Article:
• When you are done with your picnic, use our recycling bins by the vault toilets to recycle plastic and aluminum.
  • Consider using reusable tableware to reduce the amount trash left behind in the monument.
  • Trash dumpsters are provided in the picnic areas for your use. If the small trash cans are please throw trash in the large dumpsters.
  • Bag your trash. Wind will pick up your trash like paper plates and napkins carry them into the dunes. Please bring extra trash bags to dispose of your trash properly.
Tips for a sustainable visit to White Sands provides you with ideas how to make your field trip more environmentally sustainable.

Day of Your Field Trip

Bus Parking

The visitor center parking lot can fit up to six school buses at a time. Parking areas in the dunefield can fit a number of buses and larger groups in most parking areas.

Restroom Facilities

When in doubt, ask someone in uniform for the closest restroom facilities. Here are a few for your reference:

Visitor Center: There is a restroom facility located outside of the visitor center. These are the only facilities with running water.

Dune area: There are twelve vault toilets located along Dunes Drive, at trailheads, and in picnic areas. These are restroom facilities with no running water.

Safety Cosiderations

Exploring the outdoors involves risk. The National Park Service works to reduce that risk but your safety also depends on your own good judgment, adequate preparation, and constant awareness. Keep in mind that minor and moderate health or medical issues can be easily exacerbated by hiking up and down steep dunes. The elevation at White Sands is 4,235 feet (1,291 m). This may have an effect on those traveling from lower elevations or sea level. Know your limits, pace yourself, and pay attention to how you are feeling. Your safety is your responsibility. Your tomorrow depends on the decisions that you make today.
  • Water is NOT available in the dunefield. Be sure all students and teachers/chaperones have their own water! There is a free refill station near the visitor center. Water is required for the hike as well as for lunch time.
  • Limited shade is available in the dunefield. Wear hats, sunscreen with an SPF of 15 or higher, sunglasses, and lightweight, loose-fitting clothing. Long sleeves and long pants are recommended to help protect skin from the sun.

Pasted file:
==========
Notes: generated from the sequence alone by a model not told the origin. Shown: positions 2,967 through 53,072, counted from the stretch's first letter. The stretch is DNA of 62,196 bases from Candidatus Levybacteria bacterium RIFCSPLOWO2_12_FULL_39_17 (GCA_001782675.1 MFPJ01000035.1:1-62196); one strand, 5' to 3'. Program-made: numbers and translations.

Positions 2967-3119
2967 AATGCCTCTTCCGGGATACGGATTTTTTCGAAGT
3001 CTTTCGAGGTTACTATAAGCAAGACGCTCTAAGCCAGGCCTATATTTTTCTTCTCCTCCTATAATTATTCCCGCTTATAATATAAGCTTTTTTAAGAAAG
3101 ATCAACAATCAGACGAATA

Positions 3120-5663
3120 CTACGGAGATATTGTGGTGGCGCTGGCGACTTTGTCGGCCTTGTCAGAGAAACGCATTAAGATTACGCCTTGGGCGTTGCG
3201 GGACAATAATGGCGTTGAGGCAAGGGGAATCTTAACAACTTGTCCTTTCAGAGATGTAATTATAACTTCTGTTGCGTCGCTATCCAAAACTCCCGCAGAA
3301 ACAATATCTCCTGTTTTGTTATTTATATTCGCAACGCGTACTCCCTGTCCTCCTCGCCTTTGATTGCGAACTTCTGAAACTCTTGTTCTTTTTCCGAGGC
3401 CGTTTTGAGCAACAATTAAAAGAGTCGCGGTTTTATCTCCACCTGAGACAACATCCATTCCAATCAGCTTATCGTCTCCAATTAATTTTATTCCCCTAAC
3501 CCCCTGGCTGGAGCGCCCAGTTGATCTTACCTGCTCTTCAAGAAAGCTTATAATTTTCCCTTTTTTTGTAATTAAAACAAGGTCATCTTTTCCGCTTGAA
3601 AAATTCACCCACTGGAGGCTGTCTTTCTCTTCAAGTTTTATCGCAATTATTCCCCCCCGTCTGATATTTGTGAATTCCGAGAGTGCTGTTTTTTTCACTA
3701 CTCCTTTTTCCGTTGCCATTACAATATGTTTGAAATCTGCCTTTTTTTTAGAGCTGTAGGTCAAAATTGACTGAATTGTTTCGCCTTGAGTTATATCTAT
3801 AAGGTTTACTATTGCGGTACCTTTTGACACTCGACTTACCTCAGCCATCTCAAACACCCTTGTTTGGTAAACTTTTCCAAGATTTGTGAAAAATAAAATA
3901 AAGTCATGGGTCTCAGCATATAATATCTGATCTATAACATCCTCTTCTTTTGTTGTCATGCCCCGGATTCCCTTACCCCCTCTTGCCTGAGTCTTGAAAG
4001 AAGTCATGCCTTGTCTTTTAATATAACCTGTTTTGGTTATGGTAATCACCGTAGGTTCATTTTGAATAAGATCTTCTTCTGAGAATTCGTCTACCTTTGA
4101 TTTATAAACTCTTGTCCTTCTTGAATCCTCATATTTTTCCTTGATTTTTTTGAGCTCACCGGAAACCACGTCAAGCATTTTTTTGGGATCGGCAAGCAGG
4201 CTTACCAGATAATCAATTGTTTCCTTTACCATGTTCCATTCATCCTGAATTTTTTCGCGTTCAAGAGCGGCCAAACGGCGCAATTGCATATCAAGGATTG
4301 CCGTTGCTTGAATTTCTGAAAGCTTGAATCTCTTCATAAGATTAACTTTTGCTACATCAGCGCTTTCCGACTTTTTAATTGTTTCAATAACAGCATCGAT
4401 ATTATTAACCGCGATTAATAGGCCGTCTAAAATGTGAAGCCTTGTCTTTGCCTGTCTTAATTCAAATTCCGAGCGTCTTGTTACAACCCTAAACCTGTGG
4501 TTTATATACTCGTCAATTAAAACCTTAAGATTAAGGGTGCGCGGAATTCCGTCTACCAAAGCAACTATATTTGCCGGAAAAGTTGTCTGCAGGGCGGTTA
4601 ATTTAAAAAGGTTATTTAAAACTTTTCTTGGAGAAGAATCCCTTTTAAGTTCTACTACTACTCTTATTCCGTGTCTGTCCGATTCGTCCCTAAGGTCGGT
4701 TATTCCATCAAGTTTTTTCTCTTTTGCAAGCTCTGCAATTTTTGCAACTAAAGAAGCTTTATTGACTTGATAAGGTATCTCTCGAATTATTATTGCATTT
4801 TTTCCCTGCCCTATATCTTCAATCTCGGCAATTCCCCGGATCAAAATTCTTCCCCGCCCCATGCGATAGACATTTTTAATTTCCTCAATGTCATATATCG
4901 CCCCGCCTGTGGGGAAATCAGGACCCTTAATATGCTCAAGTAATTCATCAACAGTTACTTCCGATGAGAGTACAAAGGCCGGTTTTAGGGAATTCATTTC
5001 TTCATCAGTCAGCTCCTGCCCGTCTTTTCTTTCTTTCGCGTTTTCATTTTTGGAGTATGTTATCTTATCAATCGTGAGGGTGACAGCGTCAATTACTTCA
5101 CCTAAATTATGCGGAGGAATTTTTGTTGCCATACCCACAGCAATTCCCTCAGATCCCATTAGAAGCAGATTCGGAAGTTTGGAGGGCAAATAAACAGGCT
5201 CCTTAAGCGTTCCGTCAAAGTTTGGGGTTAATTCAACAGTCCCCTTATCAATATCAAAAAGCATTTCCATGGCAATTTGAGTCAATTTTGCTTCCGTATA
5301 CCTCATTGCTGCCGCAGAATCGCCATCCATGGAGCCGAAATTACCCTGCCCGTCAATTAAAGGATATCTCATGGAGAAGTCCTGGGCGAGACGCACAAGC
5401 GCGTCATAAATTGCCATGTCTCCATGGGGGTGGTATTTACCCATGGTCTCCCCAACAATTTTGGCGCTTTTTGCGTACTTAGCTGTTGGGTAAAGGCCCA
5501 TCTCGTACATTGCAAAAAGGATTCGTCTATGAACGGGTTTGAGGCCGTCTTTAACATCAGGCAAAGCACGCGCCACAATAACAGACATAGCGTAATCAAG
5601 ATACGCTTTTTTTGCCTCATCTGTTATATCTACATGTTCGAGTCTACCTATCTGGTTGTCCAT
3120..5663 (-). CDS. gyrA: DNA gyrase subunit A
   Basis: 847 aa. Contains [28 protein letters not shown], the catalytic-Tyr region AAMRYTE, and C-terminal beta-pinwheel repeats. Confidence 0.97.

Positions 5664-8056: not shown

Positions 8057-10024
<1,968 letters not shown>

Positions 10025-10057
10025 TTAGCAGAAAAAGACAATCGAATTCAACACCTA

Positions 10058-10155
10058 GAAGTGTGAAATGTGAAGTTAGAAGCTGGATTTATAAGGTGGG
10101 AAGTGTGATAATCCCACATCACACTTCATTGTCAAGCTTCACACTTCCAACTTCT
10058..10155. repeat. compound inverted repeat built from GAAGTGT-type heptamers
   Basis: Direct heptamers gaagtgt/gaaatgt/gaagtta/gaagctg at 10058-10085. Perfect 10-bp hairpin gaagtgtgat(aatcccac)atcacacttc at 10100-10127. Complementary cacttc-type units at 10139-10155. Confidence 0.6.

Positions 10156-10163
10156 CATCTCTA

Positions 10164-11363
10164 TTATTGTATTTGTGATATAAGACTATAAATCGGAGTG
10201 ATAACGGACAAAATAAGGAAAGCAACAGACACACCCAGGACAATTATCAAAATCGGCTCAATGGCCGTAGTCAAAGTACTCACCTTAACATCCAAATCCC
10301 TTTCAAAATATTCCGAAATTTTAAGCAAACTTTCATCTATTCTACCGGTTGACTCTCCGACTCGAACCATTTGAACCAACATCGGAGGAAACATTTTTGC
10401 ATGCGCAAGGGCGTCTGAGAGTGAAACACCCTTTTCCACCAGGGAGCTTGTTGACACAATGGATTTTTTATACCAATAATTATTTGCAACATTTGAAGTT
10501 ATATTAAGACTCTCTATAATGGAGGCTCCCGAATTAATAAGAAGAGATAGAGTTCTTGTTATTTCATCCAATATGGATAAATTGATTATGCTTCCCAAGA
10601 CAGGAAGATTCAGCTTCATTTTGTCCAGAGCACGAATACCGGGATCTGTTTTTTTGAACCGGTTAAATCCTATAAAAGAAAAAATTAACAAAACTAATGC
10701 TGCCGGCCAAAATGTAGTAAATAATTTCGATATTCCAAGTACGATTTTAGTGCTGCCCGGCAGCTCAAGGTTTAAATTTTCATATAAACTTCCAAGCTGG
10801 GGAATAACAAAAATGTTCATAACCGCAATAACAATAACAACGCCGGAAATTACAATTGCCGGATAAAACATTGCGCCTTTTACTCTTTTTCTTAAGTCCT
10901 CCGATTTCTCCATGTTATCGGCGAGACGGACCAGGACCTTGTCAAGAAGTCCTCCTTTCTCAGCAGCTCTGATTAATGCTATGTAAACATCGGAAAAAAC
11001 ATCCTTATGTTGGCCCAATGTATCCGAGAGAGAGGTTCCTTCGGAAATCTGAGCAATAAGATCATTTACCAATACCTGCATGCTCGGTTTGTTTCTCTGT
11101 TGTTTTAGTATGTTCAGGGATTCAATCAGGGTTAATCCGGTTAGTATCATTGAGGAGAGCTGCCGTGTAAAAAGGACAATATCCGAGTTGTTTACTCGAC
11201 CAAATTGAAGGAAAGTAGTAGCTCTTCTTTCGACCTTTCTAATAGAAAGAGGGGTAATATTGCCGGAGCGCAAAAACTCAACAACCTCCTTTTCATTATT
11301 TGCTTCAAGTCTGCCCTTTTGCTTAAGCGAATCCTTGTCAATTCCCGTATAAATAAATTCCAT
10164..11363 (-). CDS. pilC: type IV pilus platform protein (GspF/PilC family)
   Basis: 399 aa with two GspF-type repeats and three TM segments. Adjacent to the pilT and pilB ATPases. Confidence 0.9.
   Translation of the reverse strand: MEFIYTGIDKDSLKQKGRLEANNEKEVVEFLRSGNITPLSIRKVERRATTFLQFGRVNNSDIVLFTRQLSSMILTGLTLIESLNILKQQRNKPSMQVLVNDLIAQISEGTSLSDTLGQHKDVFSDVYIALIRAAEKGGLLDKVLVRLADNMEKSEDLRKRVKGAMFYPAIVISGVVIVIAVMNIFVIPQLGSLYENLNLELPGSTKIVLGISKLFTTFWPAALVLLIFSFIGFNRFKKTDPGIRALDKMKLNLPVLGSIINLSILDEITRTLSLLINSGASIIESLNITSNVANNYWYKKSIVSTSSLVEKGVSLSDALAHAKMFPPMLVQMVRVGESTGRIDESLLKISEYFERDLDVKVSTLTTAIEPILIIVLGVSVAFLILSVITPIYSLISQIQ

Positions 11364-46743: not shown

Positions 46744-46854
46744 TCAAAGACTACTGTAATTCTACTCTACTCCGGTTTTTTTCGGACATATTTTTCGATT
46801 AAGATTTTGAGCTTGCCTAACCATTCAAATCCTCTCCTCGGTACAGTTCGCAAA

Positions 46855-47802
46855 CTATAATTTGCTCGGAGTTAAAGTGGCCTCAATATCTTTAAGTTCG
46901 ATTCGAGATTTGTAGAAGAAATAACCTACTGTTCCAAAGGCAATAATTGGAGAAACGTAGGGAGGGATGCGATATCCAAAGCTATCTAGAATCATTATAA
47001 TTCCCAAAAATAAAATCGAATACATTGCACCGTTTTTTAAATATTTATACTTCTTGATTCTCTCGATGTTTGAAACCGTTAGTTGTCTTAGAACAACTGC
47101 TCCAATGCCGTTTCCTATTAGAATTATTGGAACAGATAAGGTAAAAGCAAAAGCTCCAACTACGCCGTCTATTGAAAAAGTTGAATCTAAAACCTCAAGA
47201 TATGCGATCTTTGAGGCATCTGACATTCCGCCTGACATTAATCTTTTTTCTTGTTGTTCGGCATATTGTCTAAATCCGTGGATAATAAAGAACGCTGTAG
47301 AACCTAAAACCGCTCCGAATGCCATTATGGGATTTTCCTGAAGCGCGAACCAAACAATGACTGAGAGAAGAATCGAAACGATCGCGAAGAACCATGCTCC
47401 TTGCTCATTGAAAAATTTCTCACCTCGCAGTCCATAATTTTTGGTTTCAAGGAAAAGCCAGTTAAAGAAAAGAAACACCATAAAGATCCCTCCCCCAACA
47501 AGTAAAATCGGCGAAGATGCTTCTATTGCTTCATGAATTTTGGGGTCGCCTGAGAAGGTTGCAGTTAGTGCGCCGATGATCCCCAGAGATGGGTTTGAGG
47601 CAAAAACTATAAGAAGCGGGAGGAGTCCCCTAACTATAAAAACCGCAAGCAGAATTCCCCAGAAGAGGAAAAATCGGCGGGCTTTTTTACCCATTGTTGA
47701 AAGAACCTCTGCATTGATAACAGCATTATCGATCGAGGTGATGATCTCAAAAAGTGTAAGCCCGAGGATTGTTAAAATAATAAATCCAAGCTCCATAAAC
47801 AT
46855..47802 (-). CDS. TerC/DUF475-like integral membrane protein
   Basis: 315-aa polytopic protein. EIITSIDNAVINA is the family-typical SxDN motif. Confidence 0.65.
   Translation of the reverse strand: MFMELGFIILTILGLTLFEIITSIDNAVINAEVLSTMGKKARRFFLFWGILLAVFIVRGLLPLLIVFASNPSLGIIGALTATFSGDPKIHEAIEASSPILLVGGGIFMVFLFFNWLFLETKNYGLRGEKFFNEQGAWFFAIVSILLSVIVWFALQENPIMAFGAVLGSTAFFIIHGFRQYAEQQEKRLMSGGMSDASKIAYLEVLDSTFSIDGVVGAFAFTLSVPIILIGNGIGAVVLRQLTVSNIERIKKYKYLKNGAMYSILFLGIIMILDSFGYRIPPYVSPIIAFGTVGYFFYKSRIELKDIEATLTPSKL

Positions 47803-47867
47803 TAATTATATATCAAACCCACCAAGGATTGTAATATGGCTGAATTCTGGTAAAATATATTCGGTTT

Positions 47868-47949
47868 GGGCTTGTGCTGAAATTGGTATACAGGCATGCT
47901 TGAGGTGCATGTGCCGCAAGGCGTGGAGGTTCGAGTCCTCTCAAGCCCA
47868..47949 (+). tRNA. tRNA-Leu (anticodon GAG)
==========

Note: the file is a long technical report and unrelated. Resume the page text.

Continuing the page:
• Students should wear appropriate footwear. Sneakers or hiking boots are recommended.
  • Natural conditions at White Sands can be hazardous. Sand sledding is a fun but potentially hazardous sport. Never sled near or into the road, and look out for plants.
  • Tunnels dug in the sand collapse easily, causing rapid suffocation.
  • Keep track of your students. Roads can be busy at times and it is easy to get lost.

Animals of Concern in the Monument

All animals in the monument are wild and their behaviors are unpredictable. Treat all animals with caution.

Rattlesnakes, scorpions, black widows, and harvester ants are only a few of the venomous animals found in New Mexico. To avoid a bite, students should be mindful of where they walk, put their hands, or sit. Never try to pick up, touch, or tease snakes and scorpions or handle spiders. If bitten, seek immediate medical attention. Bring a photo along for identification if possible.

Monument Regulations

The mission of the National Park System and White Sands National Monument is “to conserve the scenery, the natural and historic objects, and the wildlife therein, and to provide for the enjoyment of the same in such manner and by such means as will leave them unimpaired for the enjoyment of future generations.”

DO NOT COLLECT any sand, rock, or any other natural or archeological objects. All things in the monument are protected. Collecting anything, including sand, is prohibited by law and can result in a fine.

Leave No TRACE! Leave no Trace means leave the land like you found it. It is important to take care of the area you visit so others can enjoy the dunes, too.

Unknown Objects

We are surrounded by an active missile range. From time to time, debris from missile tests falls into the monument and is buried by sand. If you or your students see any strange objects, do not touch them. Make a note of their location and tell a ranger what you found and where you found it. The ranger will dispatch appropriate personnel to remove the object in question.

Last updated: April 30, 2017

Contact the Park

Mailing Address:

PO Box 1086
Holloman AFB, NM 88330

Phone:

(575) 479-6124

Contact Us

Tools